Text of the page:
When designing a new kitchen or bathroom, your choice of cabinetry finish is one of the most important decisions you’ll need to make. Cabinetry finishes can vary significantly in terms of aesthetics, durability and cost, so it’s important to weigh up the pros and cons of each option before making your final selection.
One popular option is 2 pac finish—but what is 2 pac and how does it compare to the alternatives? Here we’ll fill you in on everything you need to know so you can make the right choice for your new space.
What is 2 Pac Finish?
Cabinetry with 2 pac finish is typically constructed from a substrate material such as medium density fibreboard (MDF) which is sprayed with 2 pac polyurethane paint. 2 pac paint includes a hardening agent, that when cured, produces a finish similar to what you see on motor vehicles, making it very hard-wearing.
As the paint is sprayed onto the cabinetry surface, 2 pac paint can be used for both flat and profiled cabinetry styles in your choice of a textured, matt, satin, semi-gloss or high-gloss finish. The colour options are infinite and edges will appear smooth and seamless.
The main disadvantage of 2 pac cabinetry is that even while it is very hard-wearing, it can be prone to chipping and scratches.
What Are the Alternatives to 2 Pac Polyurethane?
While 2 Pac finish is a popular option, there is a variety of other finishes you might want to consider, including:
- Laminate: Layers of resin-coated, phenolic-backed paper is printed and glued/laminated to a substrate material such as MDF or plywood using high-pressure machinery.
- Vinyl Wrap: Sheets of vinyl are heated, wrapped and sealed around all sides of an MDF substrate.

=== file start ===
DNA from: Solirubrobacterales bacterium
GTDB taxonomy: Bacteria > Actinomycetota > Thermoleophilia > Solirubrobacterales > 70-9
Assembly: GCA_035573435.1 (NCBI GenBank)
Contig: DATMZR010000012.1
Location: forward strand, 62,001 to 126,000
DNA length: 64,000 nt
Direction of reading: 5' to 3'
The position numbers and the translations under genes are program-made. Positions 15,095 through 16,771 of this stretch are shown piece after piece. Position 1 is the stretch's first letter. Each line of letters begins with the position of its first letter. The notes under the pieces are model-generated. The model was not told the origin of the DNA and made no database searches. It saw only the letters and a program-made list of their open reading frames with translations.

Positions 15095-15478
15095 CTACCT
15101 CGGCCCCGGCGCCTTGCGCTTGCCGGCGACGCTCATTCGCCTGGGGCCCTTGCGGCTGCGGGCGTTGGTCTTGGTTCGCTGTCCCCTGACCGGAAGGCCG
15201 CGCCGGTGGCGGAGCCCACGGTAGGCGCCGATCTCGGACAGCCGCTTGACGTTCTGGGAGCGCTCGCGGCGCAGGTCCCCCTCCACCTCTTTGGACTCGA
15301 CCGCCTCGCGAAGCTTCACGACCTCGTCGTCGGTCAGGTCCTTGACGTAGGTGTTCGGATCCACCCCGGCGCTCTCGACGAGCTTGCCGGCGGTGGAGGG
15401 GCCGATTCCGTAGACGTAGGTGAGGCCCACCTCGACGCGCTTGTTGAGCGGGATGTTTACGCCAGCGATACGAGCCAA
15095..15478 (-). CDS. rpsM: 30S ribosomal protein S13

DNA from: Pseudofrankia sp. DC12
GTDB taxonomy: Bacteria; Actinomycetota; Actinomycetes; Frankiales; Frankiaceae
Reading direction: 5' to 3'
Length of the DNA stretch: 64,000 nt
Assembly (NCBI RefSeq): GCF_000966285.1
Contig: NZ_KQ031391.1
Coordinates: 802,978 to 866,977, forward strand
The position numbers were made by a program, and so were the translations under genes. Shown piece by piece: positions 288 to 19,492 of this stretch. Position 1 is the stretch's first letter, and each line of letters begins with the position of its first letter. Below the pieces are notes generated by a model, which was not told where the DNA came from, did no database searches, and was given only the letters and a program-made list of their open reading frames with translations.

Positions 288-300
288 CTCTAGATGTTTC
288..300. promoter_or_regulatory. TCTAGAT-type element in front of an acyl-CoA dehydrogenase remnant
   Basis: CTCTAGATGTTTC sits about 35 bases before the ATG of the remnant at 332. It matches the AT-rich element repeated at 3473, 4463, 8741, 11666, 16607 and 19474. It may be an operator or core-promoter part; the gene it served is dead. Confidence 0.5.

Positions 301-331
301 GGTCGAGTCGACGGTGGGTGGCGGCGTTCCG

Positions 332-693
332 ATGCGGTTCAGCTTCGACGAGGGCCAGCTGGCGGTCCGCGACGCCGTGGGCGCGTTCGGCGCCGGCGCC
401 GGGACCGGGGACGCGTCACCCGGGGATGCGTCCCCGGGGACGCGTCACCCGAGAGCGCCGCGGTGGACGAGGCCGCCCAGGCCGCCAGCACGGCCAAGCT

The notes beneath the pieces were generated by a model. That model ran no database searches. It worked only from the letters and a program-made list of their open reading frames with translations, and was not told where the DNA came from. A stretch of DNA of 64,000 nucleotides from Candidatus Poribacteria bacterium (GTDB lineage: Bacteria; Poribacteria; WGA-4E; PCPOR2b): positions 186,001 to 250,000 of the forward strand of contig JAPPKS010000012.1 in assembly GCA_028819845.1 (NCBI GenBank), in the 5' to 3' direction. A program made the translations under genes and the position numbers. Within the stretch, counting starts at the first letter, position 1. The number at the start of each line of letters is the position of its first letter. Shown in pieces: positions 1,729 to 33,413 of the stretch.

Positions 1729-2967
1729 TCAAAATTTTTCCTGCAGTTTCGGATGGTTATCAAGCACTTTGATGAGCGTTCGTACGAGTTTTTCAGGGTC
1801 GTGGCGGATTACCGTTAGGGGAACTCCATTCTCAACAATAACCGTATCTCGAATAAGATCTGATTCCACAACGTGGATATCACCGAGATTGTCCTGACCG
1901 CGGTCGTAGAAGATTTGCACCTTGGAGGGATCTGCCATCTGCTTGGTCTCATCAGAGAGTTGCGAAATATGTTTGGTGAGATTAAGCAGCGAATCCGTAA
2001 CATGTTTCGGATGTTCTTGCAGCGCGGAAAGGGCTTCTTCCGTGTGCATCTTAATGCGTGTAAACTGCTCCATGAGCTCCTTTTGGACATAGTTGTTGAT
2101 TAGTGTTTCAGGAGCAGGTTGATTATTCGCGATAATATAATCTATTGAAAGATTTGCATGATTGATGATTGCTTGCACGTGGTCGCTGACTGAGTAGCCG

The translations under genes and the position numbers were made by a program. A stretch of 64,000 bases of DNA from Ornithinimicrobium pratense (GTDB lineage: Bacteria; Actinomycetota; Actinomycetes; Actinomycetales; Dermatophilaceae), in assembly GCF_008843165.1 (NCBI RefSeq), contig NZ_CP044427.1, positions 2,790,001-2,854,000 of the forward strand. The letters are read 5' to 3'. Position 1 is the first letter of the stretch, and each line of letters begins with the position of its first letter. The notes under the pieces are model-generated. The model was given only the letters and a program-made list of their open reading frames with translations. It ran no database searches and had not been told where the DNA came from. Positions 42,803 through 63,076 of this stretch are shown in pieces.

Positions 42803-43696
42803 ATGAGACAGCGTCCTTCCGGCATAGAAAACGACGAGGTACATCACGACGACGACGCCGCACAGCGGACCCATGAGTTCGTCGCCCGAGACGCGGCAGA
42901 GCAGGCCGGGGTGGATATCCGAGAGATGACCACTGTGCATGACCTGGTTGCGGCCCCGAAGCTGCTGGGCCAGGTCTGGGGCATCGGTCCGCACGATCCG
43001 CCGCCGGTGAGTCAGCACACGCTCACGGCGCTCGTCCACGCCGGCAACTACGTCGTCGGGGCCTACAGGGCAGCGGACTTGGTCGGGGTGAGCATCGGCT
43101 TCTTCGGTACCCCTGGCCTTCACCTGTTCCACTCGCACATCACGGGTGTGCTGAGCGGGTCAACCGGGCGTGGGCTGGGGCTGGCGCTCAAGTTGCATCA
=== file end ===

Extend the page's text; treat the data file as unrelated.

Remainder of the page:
- Acrylic: All sides of the substrate material is laminated with a cold pressed acrylic foil.
- Timber Veneer: Thin strips of natural wood are glued to the substrate material to achieve the look and feel of solid timber.
How do the various types of cabinetry finishes compare?
The following table provides and overview of the key pros and cons of each cabinetry finish option.
● Extensive colour and design options
|● Edging may be visible
|● Suitable for all door profiles
● No visible edging
|● May not perform well with heat and moisture
● Difficult to repair if damaged
● Great for high gloss
● UV resistant
● More affordable than 2 pac and timber veneer
|● More expensive than laminate
● Edging may be visible
● Susceptible to scratches
|2 Pac Polyurethane
● Multiple finish options
● Endless colour options
● UV, heat and moisture resistant
● Suitable for both flat and shaped door profiles
● Smooth/seamless edges
|● Prone to chipping
● One of the most expensive options
● Longer manufacturing lead-time
● UV and moisture resistant
● Looks like solid timber
● More affordable than solid timber
|● Top end of the price scale
Expert Advice to Guide Your Design Decisions
When you choose Mint Kitchens, our expert designers will work closely with you to help you weigh up the various design options to create a space of distinction that meets (and hopefully exceeds) your expectations.